Federal Tax Lien Withdrawal Request: Does The IRS Comply?

I credit Taxpayer advocate Nina Olson with some fine work getting the word out about federal tax lien withdrawals. In fact, lien withdrawal requests have increased 142% from 2010 to 2011.


A Federal Tax Lien can put a real bind on your cash position. So how has the IRS been doing with these federal tax lien withdrawal requests? The Treasury Inspector General (TIGTA) took a sample of 100 cases  involving the withdrawal requests for a Notice of Federal Tax Lien (NFTL) and found that:


" TIGTA reviewed a statistical sample of 100 NFTL withdrawals and could not find evidence in 15 (15 percent) cases that withdrawals were approved by managers as required."


Other highlights

When withdrawals were forthcoming, there were still delays:

  • Withdrawal certificates were not issued timely to the recording office in 8% of cases.
  • TIGTA also reviewed statistical samples of 100 manual and 185 systemic NFTL releases and determined the releases were not timely in 11 (11 percent) manual and nine (4.86 percent) systemic cases.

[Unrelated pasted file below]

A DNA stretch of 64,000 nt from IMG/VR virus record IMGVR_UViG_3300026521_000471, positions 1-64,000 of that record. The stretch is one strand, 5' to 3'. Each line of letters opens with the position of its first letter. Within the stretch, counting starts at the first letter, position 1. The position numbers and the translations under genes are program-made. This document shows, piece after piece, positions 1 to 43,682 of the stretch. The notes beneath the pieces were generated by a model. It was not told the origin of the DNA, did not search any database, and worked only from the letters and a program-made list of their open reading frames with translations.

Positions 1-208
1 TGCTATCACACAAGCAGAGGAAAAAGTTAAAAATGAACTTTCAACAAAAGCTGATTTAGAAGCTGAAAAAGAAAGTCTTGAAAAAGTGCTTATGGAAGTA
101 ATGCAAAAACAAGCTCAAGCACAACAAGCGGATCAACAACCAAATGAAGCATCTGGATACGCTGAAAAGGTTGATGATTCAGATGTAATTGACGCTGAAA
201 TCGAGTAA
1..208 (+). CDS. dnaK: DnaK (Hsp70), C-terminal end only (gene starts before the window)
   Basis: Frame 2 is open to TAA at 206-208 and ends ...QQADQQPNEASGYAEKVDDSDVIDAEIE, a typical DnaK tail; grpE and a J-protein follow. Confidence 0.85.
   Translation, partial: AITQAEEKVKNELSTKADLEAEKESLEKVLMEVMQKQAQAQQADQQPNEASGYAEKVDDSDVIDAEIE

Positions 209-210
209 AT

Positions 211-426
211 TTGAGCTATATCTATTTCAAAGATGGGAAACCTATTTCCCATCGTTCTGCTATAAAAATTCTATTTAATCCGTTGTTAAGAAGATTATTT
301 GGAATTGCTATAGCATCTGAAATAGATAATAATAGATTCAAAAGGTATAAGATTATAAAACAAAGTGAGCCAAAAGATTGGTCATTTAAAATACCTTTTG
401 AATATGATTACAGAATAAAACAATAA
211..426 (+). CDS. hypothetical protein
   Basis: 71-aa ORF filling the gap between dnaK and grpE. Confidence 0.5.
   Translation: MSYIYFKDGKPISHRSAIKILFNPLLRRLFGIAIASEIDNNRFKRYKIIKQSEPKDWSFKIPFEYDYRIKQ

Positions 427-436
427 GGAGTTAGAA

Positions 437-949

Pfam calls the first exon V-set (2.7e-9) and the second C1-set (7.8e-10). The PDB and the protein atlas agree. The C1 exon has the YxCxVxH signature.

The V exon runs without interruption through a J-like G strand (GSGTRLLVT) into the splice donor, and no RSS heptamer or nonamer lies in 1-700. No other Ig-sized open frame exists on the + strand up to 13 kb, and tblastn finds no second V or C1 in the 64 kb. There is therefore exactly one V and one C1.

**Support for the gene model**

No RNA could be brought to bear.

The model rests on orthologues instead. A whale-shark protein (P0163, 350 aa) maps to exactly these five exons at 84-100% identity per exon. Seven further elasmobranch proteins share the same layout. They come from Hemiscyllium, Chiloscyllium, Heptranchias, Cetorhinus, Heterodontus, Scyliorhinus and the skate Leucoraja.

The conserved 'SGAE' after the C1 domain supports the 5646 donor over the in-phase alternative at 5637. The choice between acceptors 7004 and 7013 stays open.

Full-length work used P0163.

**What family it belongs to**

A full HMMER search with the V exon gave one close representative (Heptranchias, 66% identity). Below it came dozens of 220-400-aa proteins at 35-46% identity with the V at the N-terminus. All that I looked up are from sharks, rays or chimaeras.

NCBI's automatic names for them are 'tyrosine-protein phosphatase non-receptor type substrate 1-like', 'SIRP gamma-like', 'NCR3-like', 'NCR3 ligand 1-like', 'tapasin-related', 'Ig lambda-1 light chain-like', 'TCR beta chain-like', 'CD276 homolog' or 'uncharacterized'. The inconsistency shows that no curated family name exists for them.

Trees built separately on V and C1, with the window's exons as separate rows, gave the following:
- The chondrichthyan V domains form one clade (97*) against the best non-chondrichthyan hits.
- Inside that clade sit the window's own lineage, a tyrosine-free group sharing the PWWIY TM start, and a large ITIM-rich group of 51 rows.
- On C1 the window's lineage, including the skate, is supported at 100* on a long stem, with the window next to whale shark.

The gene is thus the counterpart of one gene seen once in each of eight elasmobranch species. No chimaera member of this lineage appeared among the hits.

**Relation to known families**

Untimely NFTL releases can potentially violate taxpayers’ rights. Typically what we see is that when a lien is unduly delayed, there are two primary issues. First, an improper lien can frustrate a real estate closing (most likely a short-sale).


Another common way a federal tax lien causes problems is that it may hinder someone in the financial services from getting or maintaining a job.


Their suggestions

TIGTA recommended that the Director, Enterprise Collection Strategy, Small Business/ Self-Employed Division: 1) revise procedures to ensure timely approval, processing, and documenting of NFTL withdrawal requests; 2) establish more specific timeliness expectations in the NFTL release procedures; and 3) evaluate whether to modify the 30-day delay in the Automated Lien System when the Collection Statute Expiration Date expires on a non-refiled NFTL, which the IRS agreed with.


My suggestions

These suggestions overlook the biggest stumbling block to getting a lien withdrawn. A lack of staff. The Technical Advisory Group we deal with in Boston on 90% of our cases is vastly overworked. They have fewer employees, and a far bigger caseload (the IRS went lien-crazy in 2008 and 2009). So it would be my humble suggestion to actually hire enough people to administer the tax code properly. Right now it takes 2-3 weeks just to have a lien withdrawal request considered.


If you're dealing with a tax lien issue, contact us. We can help. Call us at 888-727-8796 or email info@irsmedic.com